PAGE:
Software Defined Radios
The SCaN Testbed will consist of three reconfigurable and reprogrammable Software Defined Radio (SDR) transceivers/transponders:
JPL SDR: S-Band and L-Band (GPS)
S-band (duplex) microwave Radio Frequency (RF) links directly
with the ground, (also referred to as the Near Earth Network
Software Defined Radio Software
Each SDR will have an Operating Environment (OE) which provides a software infrastructure (including an operating system), command processing, interact with hardware, and configure the SDR. All three OEs comply with the STRS Standard. SDR must run waveforms which implement the capability of the radio and generate the RF signal that will be transmitted. The OE does not actually generate or receive signals or perform communication functions. That is done by loadable waveforms which use the resources provided by the hardware platform and OE to communicate, network, or keep time (or anything else the experimenter wishes to do).
Radio Frequency (RF) Subsystem
The RF subsystem enables the SDRs to transmit/receive RF signals from the SN and NEN, and receive GPS signals, through one of five antennas (3 fixed, 2 movable).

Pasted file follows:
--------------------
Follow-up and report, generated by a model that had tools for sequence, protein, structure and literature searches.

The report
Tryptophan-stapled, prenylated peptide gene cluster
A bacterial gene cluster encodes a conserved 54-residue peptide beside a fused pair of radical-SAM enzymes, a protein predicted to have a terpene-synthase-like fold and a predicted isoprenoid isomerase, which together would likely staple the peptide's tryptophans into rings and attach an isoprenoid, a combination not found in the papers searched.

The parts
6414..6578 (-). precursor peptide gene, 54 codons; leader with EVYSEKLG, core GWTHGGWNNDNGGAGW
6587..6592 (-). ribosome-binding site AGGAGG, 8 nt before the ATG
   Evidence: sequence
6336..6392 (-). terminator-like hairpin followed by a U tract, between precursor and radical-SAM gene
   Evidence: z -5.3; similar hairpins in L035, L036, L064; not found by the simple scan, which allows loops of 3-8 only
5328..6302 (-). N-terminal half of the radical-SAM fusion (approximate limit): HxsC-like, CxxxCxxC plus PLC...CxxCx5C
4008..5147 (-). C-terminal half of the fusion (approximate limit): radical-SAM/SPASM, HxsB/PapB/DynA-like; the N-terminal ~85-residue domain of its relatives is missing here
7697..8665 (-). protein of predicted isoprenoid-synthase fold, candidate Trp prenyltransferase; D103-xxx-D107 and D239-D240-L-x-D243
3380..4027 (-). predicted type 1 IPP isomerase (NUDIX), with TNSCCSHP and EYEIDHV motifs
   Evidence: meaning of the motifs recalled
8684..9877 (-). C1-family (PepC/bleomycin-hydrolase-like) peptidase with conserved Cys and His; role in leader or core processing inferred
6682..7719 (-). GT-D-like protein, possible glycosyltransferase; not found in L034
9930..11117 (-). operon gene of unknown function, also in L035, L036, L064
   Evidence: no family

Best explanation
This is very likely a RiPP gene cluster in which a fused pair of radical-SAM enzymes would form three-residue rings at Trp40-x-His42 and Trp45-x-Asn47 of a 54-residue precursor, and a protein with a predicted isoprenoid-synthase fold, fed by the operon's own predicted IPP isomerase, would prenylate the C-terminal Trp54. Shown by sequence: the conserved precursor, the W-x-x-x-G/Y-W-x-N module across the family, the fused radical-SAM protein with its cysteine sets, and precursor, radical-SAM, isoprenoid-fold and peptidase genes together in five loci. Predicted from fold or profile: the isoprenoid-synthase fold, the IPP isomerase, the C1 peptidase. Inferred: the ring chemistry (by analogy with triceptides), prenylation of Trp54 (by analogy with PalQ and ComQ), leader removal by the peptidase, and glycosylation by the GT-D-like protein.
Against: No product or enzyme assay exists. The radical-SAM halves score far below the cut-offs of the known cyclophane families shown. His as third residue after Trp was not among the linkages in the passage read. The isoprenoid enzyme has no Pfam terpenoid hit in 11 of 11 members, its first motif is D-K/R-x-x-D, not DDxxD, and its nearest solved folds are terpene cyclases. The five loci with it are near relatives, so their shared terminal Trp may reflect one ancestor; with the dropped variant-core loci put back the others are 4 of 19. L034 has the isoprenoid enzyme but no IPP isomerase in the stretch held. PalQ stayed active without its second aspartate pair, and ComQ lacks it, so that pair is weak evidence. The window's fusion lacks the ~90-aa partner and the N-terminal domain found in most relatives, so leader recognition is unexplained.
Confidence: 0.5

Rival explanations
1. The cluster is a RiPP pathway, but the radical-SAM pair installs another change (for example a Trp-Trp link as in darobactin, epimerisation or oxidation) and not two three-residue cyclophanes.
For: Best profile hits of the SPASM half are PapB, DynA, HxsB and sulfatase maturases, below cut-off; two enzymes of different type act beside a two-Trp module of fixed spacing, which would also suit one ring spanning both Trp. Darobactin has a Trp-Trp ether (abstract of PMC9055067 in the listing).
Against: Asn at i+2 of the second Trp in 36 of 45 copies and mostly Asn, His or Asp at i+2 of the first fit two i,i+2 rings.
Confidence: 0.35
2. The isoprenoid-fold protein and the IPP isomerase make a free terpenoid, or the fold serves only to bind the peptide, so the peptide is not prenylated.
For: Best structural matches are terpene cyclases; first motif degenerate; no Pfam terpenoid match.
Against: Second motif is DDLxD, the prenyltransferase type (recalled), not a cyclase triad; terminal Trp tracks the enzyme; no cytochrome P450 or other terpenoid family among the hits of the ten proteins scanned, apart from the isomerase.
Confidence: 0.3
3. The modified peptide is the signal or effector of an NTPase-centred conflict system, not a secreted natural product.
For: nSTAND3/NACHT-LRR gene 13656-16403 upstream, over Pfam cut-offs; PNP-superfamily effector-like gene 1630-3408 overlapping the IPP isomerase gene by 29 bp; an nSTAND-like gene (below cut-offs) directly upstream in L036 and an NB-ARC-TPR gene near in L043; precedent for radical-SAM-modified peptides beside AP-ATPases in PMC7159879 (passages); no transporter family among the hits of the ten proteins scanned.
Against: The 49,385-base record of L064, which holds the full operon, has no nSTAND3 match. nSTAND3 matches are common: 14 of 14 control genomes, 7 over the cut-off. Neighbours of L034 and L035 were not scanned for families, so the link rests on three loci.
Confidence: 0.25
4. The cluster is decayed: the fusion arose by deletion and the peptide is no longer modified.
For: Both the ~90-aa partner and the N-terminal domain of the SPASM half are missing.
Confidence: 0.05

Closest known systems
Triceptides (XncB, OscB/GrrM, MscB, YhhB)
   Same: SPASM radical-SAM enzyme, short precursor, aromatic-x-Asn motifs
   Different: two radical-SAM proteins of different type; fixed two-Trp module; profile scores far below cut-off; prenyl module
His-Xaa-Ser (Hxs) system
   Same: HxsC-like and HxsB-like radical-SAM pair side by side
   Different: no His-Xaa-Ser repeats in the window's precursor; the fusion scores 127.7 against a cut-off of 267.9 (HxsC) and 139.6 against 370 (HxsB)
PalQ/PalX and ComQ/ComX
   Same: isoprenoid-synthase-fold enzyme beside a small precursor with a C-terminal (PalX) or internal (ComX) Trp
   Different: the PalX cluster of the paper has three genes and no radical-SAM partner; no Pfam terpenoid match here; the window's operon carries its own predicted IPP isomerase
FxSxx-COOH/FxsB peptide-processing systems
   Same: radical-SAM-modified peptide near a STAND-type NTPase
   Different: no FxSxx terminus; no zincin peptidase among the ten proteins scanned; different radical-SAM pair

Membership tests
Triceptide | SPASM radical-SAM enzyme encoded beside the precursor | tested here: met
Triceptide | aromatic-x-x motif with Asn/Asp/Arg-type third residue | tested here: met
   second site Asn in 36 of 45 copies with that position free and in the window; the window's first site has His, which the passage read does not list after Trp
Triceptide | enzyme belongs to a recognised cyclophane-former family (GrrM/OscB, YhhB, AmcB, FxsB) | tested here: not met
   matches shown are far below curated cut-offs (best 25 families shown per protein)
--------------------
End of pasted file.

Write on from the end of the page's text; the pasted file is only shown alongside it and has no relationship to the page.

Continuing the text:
The Radio Frequency (RF) Subsystem is comprised of:
Traveling Wave Tube Amplifier (TWTA)
The RF Subsystem interfaces with the Avionics Subsystem, the
Flight Enclosure, the Antenna Pointing Subsystem, and the three
SDRs. The Mission Operations tab further details RF communication
The Antenna Pointing System (APS) allows the Ka-Band High
Gain Antenna (HGA) and S-Band Medium Gain Antenna(MGA) to be
moved to track TDRSS (or other experimenter selected targets).
The antenna pointing may be done in either open loop or closed
loop mode. In the former, the antennas are pointed according
to a pre-computed track profile. In closed loop mode, the tracking
algorithm uses signal strength information from the Ka-band
radio to point the Ka-band HGA more accurately to the Ka-band
source. The ISS is sufficiently large and flexible that open
loop pointing of the Ka-band antenna may have pointing errors
reducing the maximum data rate that can be carried. The gimbaled
antennas are locked for launch and deployed on-orbit.
As shown in Figure 8, the APS consists of: